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Alex Murdaugh double murder trial ends – Day 26


Jurors will return to the Colleton County Courthouse on Thursday morning as the double murder trial of attorney Alex Murdaugh enters its likely final day with the defense’s closing statement.

The 54-year-old South Carolina legal scion – disgraced and disbarred soon after the murder allegations and various alleged financial improprieties came to light – is accused of brutally shooting and killing his wife, Margaret “Maggie” Murdaugh, 52, and their youngest son, Paul Murdaugh, 22, in early June 2021 with a rifle and a shotgun.

On Monday, the final handful of witnesses presented by attorneys Dick Harpootlian and Jim Griffin came on the heels of the defendant’s decision to take the stand in his defense. This performance elicited mixed reviews from legal experts.

The defense closed with John Marvin Murdaugh, the defendant’s younger brother, as their final witness. His performance on the stand drew plaudits from some court observers for looking “very real.”

On Tuesday, the state called six rebuttal witnesses, closing the testimonial portion of the case with Dr. Kenneth Kinsey, who first testified during the prosecution’s case-in-chief.

During his testimony, Kinsey dismissed several ideas raised by defense expert witnesses – saying there was “absolutely” no reason to exclude a shooter who is the defendant’s height – 6-foot-4 – and refusing to definitively say that either one or two shooters “could be ruled out or in” as responsible for the carnage.

On Wednesday, jurors took a field trip to Moselle, the expansive hunting property previously owned by the Murdaugh family – and the site of where the grisly slayings occurred on June 7, 2021.

SEE ALSO: Jurors take their time at Moselle, see crime scene for themselves as Alex Murdaugh’s double murder trial nears end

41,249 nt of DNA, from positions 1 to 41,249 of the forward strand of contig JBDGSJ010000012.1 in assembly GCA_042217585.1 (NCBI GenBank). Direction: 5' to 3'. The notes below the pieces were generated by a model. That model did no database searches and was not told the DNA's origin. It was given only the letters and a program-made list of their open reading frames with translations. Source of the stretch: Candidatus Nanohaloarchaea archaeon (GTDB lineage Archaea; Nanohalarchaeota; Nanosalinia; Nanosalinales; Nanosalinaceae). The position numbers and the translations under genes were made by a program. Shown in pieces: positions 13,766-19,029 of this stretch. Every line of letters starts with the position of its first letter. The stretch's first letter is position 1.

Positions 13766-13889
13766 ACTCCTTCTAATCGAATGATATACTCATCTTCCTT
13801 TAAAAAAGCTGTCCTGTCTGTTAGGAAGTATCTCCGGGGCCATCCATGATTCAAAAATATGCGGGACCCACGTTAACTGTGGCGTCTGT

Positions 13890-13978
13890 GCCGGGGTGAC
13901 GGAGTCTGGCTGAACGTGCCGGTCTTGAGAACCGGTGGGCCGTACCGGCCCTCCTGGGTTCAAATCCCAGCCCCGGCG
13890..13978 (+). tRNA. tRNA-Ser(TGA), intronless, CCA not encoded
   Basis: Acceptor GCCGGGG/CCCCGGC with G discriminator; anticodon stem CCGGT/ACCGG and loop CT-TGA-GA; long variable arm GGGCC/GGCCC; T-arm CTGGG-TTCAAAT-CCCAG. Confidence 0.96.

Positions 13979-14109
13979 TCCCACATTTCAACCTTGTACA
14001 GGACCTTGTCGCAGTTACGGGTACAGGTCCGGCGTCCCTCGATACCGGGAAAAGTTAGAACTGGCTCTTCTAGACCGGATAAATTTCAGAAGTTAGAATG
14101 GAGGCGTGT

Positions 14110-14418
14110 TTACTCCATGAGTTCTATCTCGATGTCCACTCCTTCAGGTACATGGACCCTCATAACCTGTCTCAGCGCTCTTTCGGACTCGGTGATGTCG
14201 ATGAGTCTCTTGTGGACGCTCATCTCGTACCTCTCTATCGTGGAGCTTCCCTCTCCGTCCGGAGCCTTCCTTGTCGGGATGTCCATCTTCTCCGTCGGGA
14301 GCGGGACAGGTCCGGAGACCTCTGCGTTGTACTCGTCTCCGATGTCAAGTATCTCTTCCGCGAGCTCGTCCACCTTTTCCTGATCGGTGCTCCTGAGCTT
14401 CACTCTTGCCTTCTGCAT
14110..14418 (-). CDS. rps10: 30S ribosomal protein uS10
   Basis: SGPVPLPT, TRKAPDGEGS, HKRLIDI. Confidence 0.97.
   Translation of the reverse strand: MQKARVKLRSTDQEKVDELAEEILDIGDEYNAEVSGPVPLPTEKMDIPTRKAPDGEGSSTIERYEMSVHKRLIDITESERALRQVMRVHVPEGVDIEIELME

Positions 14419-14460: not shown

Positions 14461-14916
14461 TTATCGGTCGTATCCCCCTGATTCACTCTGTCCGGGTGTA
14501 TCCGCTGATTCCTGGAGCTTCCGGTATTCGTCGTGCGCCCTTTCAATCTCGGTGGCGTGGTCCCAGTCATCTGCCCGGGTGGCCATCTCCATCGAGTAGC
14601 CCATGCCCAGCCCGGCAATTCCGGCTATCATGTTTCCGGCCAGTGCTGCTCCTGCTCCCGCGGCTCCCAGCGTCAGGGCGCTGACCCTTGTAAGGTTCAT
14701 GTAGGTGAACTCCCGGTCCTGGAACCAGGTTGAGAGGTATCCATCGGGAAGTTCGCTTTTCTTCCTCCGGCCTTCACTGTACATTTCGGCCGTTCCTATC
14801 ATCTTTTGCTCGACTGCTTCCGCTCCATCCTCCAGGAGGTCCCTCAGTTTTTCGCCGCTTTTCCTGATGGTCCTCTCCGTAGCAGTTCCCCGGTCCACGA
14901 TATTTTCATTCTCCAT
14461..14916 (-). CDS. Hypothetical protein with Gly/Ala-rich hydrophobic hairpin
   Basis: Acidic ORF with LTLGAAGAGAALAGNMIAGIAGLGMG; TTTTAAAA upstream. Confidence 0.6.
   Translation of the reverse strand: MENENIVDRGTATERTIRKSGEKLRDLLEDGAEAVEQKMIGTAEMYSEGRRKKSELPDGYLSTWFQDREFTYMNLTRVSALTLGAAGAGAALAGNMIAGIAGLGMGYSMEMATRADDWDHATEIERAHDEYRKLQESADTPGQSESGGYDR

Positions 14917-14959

The jury view lasted roughly one-and-a-half hours plus an hour or so of travel time, and jurors were seated just after noon. The entirety of courtroom proceedings that followed were taken up by the state’s closing argument: a miniature, though still quite long, rehashing of most of the state’s case against Alex Murdaugh.

Lead prosecutor Creighton Waters spent that time tying the defendant’s admitted financial crimes to a crumbling legal empire that, the state believes, ultimately led to the murders.

SEE ALSO: ‘He became a family annihilator’: Prosecution delivers long-drawn-out closing statement against accused killer Alex Murdaugh

Before proceedings began, Judge Clifton Newman dealt with an alleged juror misconduct issue.

Ultimately, female juror #785 was tossed from the jury.

Harpootlian disagreed with the decision to remove the juror but said he did not formally dissent from the court’s ruling. The lead defense attorney noted that the interviews that led to the juror’s dismissal were conducted by South Carolina Law Enforcement Division agents – one of whom served as a witness in the case.

The defense attorney called SLED’s involvement “a continuum of a calamity of errors.”

Jim Griffin gave the defense’s closing argument. He variously accused law enforcement of incompetence, bias, and later, of framing his client.

Prosecutor John Meadors provided the state’s rebuttal. He rehashed several key aspects of the state’s largely circumstantial case against the defendant.

Jurors began receiving their instructions right around 3:00 p.m. EST.

“You have heard the testimony, received the evidence, and heard the arguments of the state and the defendant,” Judge Clifton Newman told 12 of Alex Murdaugh’s peers. “You are the finders of the facts in this case.”

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